This was a convergent mixed methods design, in which the quantitative and qualitative phases of the study were conducted separately, and the findings were combined in the interpretation stage, as described by Cresswell and Plano Clark [22]. This method allows for a data validation approach, in which the open-ended questions in the interview validated the closed-ended responses in the survey [22]. To reduce participant fatigue and obtain richer data, these open-ended questions were asked in a video interview and not as open-ended questions with written responses on a survey.

Content Development

PPD-related psychoeducation content was initially co-drafted by a Web Development Advisory Committee (WDAC) that included researchers, psychologists, psychiatrists, community organization representatives, and patient representatives. The content was reviewed by each member thoroughly, and curated to be as relevant as possible to the target users based on recommendations and suggestions made by 2 patient representatives in the WDAC. This group virtually met multiple times to discuss the final content and design of the prototypes. Each member was reimbursed for their contribution. This content was displayed to emulate a web-enabled platform, including added colors and graphics (Multimedia Appendix 1). The pilot material included educational information, provincial resources, and instructions on finding support in the community. The education section housed foundational knowledge of PPD, including symptoms, definitions, and descriptions of management options. The resource section guided users to locate services and relevant online material. The support section had information on how users can support themselves, including creating one’s own community group or at-home self-care. The webpage prototypes were created to include only certain elements of each of these sections in order to grasp the breadth of the final website without making the material exhaustive. For example, the support section prototype only included how to create one’s own community group. It is important to highlight that these prototypes were displayed to participants in a document format made to emulate the platform, rather than a professional developed version of the web-enabled intervention.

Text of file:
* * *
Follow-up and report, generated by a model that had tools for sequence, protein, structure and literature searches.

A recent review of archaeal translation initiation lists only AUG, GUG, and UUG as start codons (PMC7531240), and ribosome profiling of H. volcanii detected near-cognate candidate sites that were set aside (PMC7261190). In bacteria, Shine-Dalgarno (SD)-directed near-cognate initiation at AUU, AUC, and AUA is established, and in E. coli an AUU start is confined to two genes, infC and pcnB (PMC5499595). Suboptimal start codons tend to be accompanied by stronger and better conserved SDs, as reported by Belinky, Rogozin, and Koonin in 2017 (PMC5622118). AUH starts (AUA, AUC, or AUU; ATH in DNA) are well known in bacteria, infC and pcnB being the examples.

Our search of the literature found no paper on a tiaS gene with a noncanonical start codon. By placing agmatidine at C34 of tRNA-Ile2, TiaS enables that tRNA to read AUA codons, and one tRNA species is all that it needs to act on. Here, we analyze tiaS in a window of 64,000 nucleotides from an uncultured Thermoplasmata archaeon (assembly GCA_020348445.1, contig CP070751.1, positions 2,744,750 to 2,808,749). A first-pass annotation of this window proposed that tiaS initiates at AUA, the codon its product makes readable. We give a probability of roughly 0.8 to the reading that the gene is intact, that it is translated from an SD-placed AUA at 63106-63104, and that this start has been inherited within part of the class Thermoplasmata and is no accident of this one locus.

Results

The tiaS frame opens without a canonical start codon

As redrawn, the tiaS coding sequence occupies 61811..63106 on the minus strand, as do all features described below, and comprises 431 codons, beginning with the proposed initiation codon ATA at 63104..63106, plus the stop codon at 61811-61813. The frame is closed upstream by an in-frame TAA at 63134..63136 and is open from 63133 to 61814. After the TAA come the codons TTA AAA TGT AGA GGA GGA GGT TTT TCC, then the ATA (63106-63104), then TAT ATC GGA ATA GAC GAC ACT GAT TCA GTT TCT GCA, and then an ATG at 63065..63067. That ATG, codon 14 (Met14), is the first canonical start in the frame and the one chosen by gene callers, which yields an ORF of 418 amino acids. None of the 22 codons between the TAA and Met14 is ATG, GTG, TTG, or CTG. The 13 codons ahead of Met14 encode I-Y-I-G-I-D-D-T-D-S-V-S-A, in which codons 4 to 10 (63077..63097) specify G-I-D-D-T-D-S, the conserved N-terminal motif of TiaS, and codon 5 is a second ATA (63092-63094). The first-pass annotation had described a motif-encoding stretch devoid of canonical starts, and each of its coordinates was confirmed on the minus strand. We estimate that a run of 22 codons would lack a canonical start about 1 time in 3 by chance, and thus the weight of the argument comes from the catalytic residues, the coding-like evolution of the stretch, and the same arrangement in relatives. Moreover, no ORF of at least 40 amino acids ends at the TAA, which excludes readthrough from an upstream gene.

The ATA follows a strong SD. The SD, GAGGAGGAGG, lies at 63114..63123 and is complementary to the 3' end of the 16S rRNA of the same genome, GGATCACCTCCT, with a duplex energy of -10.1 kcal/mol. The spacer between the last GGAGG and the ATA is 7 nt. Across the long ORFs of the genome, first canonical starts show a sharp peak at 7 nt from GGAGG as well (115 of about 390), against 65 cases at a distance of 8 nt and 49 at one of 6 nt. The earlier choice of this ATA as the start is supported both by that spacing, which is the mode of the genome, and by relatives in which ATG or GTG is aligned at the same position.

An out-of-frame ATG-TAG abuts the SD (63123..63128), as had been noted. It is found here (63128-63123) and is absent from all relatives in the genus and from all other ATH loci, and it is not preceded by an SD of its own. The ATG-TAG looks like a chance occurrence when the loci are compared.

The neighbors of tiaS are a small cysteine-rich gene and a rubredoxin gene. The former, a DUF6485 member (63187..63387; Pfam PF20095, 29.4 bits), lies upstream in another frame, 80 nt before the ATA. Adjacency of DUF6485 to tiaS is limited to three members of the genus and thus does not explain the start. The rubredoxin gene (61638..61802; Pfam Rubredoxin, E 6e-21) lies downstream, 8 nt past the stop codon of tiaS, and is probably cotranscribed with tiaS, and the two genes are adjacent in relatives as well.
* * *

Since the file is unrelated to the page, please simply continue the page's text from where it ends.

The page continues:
Demographic Questionnaire and Content Survey (Quantitative)

All enrolled participants completed a demographic and content survey virtually from their personal devices by following an individualized link created using Research Electronic Data Capture (REDCap) tools hosted at BC Women’s Hospital in BC, Canada [23]. The demographic questionnaire collected personal information, including age, sex, socioeconomic status, relationship status, and medical history. The content survey presented webpage prototypes from each aforementioned section of the drafted content (Multimedia Appendix 2). Participants were asked to rank a list of content topics based on the quantity of content they would like to see from “not much content” to “lots of content.” Participants were also asked for their agreement on statements relating to content clarity, novelty, relevance, and usefulness, using a Likert scale from “strongly disagree” to “strongly agree.” Three binary (yes/no) questions were asked regarding the effectiveness of the visual aspects. Overall acceptability was ranked on a Likert scale from “very dissatisfied” to “very satisfied.”

Quantitative analysis was conducted with the Statistical Package for the Social Sciences, and descriptive statistics, including mean, standard deviation, and frequency counts and percentages, were calculated [24].

Videoconferencing Interview (Qualitative)

Interviews were virtual and semistructured, consisting of broad open-ended questions and participant-guided discussions on the webpage prototypes, and were carried out by 2 members of the research team, with 1 as the primary facilitator. The principal investigator, who is a registered psychologist, was on-call during all interviews to mediate any high-risk situations if needed. Interviews were conducted with 1 participant at a time to ensure anonymity and comfort. Each participant was given a briefing on the anonymity of the interview and was encouraged to share thoughts openly and without fear of repercussion. All participants were asked to refrain from using any personally identifying information, such as names or geographical locations, during the interview session.